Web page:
There are some things to criticize from Wilson’s tape this year too. On this play below, he lofts the ball up to his receiver for a touchdown. While it worked this time, the backyard football style of play that led up to this score would not work against an NFL defense. I like that Wilson trusts his receiver, but he should maybe think twice before attempting it again. The Texas State secondary was completely out of place on this play. As I said, confidence is great, but the throw is too risky for my taste. 

Here’s one of my favorite plays from Wilson’s tape. It’s yet another throw out of the shotgun, but coming off of the play-action fake, Wilson rifles a fastball 30+ yards downfield into a very tight window for a completion. The field vision and accuracy on this throw are *chef’s kiss*. 

I’ve heard Wilson compared to Patrick Mahomes and Aaron Rodgers quite a bit this season. Plays like this one below will help you understand why these comps are not far off. Wilson is great at throwing on the run, as evidenced here by this deep completion rolling to his right. The touch and ball placement here is just marvelous. 

As I mentioned earlier, Wilson’s confidence can sometimes trick him into making some poor decisions. Here he throws a deep incompletion to a double-covered receiver. His footwork on the throw is suspect and the likelihood of him completing this pass is far too low to justify it coming out of his hand. In a situation like this, Wilson has to make a different read. In the NFL that’s gonna be a pick-six.  That being said, he throws this sucker nearly 50 yards with his feet off the goddamn ground. That’s some Josh Allen type shit right there.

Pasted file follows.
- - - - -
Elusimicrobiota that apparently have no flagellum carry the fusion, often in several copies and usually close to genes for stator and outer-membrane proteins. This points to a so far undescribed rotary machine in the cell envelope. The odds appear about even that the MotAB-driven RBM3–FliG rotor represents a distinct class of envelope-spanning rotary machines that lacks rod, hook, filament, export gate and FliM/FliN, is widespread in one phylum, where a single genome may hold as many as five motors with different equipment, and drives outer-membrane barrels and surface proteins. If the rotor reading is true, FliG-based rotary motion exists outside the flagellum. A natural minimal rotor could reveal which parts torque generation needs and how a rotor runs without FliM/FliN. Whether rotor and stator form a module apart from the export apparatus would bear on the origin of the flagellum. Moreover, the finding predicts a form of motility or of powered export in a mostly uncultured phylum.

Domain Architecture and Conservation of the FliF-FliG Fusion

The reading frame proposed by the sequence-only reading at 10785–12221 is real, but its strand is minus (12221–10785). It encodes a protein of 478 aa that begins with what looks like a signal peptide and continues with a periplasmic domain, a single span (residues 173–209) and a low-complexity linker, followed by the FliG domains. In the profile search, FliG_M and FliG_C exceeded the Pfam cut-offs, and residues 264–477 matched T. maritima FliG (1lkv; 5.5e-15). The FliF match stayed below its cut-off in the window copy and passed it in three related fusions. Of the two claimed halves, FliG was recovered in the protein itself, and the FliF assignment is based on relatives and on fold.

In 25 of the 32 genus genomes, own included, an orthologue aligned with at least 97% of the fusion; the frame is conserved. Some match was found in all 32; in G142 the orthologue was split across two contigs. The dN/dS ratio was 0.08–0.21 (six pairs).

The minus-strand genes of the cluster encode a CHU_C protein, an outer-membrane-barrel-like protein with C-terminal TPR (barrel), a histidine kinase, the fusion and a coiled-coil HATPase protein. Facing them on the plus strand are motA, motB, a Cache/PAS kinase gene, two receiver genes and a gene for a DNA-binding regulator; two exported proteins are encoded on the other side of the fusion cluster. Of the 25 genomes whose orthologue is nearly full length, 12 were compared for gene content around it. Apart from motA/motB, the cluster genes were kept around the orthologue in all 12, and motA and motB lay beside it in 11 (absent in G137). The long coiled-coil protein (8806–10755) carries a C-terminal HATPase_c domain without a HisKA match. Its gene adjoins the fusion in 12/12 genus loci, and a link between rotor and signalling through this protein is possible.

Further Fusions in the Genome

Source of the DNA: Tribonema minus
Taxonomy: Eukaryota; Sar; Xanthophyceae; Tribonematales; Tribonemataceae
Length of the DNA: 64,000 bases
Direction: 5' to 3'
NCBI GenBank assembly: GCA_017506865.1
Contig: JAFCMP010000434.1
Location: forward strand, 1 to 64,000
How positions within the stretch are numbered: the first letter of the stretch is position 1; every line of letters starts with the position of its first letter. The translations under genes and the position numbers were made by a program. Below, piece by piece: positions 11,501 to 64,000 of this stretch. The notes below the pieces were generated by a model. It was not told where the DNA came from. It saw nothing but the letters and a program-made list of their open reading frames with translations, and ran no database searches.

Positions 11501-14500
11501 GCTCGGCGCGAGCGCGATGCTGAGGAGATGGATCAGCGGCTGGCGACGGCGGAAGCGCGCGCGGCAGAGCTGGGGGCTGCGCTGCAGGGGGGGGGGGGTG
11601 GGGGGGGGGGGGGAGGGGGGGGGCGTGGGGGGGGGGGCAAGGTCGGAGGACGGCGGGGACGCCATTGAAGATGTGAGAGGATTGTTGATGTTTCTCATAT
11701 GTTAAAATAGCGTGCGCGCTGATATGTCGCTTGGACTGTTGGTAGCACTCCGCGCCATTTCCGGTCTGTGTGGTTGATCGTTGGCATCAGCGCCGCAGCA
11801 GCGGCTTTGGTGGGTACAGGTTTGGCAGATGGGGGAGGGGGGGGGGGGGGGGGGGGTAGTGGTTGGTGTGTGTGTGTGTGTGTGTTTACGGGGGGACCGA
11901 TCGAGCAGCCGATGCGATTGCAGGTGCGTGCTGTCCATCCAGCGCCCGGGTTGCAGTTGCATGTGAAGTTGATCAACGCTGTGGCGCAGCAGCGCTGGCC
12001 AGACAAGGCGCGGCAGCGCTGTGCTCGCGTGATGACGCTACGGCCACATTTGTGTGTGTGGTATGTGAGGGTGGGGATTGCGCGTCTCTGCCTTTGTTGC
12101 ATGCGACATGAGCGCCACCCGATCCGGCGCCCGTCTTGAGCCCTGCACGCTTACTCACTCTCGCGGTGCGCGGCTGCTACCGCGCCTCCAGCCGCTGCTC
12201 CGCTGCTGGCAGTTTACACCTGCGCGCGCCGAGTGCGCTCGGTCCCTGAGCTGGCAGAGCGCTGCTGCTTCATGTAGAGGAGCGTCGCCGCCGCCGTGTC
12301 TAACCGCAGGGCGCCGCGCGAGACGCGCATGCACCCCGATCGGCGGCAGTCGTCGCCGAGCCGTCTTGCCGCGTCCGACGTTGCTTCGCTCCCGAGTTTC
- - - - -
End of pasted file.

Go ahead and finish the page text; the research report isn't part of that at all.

I feel very good about Wilson as a prospect because he is unafraid to attempt a tough throw when he has to while converting said throws at a reasonably high rate. On this play below, he rolls out and drops in a dart to his receiver for a first down, knowing he’s about to be lit up by a pass-rusher. This clip is not just a testament to Wilson’s toughness, but also a great example of his play creating ability. In some ways, his game mirrors that of an NBA two-guard, as Wilson “creates his own shot” better than any passer I’ve seen in this year’s class. 

Saying that Zach Wilson has big balls would be an understatement. He trusts his arm strength as much as any passer I’ve evaluated, but his high-risk style of play has also been startlingly efficient. I’d like to say that Wilson picks his spots wisely, but it’s hard to tell considering the level of play he’s been facing off against. Here’s yet another great deep completion purely for your enjoyment. This throw makes me nervous, but if Wilson can complete these at the NFL level you won’t hear me complain. 

Wilson makes difficult throws look easy. The zip that he can generate on a throw to the opposite hash is the stuff that will make NFL scouts fall in love with him. 

This clip is mostly for fun. Backyard football at its finest. 

Wilson’s back shoulder throws are really special. If the Packers could have their Jordan Love selection back, knowing they could get Wilson, I’m fairly confident that they would pull the trigger. 

It really is too easy for Zach this season. 

Okay, that’s enough gushing for now. Wilson isn’t a perfect prospect by any means. BYU’s offense operates almost exclusively out of the shotgun and their offensive line has played incredibly well this season against some rather soft competition. On a team filled with veterans, Wilson hasn’t had many chemistry issues to deal with either. Though I think he’s capable of starting for an NFL team next season, the best course of action could be a redshirt year. Wilson will need to learn the in’s and out’s of an NFL offense, while also getting some coaching on his footwork.

While there are elements of his game that could certainly be ironed out, I’m going to go out a limb and say that Wilson’s ceiling is the highest of any passer in this draft class. He’s got everything a team could want in a modern-day quarterback and all it takes is the right organization to believe in him.

Agree or Disagree? Let us know!